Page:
Generating Heat in Houston

Generating Heat in Houston

By Ron Breault

Ron BreaultLast week I traveled to Houston to participate in the latest face-to-face meeting of the Open Process Automation Forum (OPAF).  OPAF is a relatively new organization, formed under the auspices of The Open Group and driven by the vision of a “standards-based, open, secure, and interoperable process control architecture.”  When I say “driven,” I’m not kidding; compared to some standards bodies I’ve previously worked with, OPAF is practically on fire!

For the record, just getting to the meeting in Houston from my office in Ottawa proved to be more of a challenge than I expected: mother nature conspired to throw all kinds of severe weather and air travel impediments my way.  I’m glad I persevered though, there’s so much good work going on across the forum that each face-to-face meeting is invaluable for anyone actively involved or looking to engage.

The leadership of OPAF, comprised of highly experienced individuals from the Industrial Process Control user communities and supplier communities, have set an aggressive milestone and publication schedule for the forum.  I won’t quote specific dates due to the dynamic nature of project plans, but several important deliverables are expected later this year, with two having already been released (User Requirements and the Technical Reference Model for the Architecture – both documents available from The Open Group website).   This kind of progress is only possible through the hard work and enthusiastic contributions of many OPAF members.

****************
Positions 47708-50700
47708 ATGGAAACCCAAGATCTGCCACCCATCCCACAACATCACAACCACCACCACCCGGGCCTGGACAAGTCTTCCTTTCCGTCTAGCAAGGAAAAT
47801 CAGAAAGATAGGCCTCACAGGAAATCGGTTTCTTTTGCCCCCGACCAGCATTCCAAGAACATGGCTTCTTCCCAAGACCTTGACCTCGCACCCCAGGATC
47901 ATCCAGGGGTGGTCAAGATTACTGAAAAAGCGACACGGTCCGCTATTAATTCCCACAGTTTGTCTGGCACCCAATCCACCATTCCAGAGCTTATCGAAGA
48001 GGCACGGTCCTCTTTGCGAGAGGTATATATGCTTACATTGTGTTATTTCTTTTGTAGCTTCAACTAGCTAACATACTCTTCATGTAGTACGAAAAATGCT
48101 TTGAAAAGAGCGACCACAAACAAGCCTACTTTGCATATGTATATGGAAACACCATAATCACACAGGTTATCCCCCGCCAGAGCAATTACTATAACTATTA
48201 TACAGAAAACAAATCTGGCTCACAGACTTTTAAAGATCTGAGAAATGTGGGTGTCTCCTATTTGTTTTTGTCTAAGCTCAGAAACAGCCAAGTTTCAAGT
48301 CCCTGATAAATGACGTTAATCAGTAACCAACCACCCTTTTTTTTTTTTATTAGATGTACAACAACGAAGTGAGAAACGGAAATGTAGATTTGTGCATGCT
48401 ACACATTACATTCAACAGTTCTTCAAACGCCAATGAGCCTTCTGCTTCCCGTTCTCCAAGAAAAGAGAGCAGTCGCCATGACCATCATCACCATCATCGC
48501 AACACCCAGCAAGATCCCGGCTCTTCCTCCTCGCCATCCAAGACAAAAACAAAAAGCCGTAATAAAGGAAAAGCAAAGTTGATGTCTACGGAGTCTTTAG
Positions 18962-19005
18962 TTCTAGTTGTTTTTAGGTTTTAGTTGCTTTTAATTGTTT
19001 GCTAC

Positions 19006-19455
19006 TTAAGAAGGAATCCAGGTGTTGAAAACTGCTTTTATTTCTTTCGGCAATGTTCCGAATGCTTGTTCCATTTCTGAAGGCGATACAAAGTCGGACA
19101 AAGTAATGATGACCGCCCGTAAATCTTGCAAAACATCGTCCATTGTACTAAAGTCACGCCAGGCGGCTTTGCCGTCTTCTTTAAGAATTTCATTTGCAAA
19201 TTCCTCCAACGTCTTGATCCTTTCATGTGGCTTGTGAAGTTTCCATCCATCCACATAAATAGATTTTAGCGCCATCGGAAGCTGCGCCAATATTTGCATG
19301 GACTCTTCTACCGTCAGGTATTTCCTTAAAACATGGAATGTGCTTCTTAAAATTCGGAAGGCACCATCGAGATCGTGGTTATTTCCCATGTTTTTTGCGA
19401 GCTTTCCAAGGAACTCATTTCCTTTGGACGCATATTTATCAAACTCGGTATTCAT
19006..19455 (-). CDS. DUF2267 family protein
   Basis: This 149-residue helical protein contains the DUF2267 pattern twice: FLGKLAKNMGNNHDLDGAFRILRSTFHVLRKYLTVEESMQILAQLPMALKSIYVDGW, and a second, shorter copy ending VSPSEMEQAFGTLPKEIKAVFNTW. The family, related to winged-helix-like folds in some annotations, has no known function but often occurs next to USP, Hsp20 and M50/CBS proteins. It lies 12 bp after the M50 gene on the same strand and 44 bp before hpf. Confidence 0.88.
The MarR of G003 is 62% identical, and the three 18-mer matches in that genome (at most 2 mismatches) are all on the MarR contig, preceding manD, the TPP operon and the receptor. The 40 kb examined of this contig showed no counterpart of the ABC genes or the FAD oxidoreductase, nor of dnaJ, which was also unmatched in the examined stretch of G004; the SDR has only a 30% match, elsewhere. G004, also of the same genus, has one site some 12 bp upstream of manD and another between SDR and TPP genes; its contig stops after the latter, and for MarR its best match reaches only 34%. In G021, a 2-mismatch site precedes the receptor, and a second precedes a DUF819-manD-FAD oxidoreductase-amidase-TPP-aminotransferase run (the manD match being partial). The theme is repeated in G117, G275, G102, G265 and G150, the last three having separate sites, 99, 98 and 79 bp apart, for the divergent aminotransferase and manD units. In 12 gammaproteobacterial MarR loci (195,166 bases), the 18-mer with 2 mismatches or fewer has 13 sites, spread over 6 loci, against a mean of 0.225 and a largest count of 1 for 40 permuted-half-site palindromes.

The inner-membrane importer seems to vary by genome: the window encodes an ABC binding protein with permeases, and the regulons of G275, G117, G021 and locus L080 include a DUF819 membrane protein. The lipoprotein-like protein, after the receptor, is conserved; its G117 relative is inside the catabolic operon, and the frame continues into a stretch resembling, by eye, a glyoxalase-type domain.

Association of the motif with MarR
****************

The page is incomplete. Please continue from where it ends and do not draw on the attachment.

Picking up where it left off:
The OPAF forum is broken down into a small set of Working Group and Subcommittees, with individuals participating according to their skills and sponsoring companies’ products and services.  Due to scope of the effort, there is opportunity for almost everyone to contribute and help move the yardsticks forward.

To give you a sense of the breadth of work currently underway in OPAF, here’s a short list of the topics discussed just last week:

  • End User Requirements,
  • Security,
  • Compliance & Conformance Policy,
  • Physical Platform,
  • System Management,
  • Connectivity,
  • Information Modeling,
  • Future Plugfests.

Clearly the OPAF community has not taken the summer off!

Working as part of a very experienced group of industrial process control engineers and specialists is both rewarding and career enhancing.  I’m pleased to represent Wind River in this forum, and to have the chance to contribute to this influential industry initiative.

If you’d like to get involved in OPAF or perhaps just learn more, contact The Open Group or reach out to me directly.

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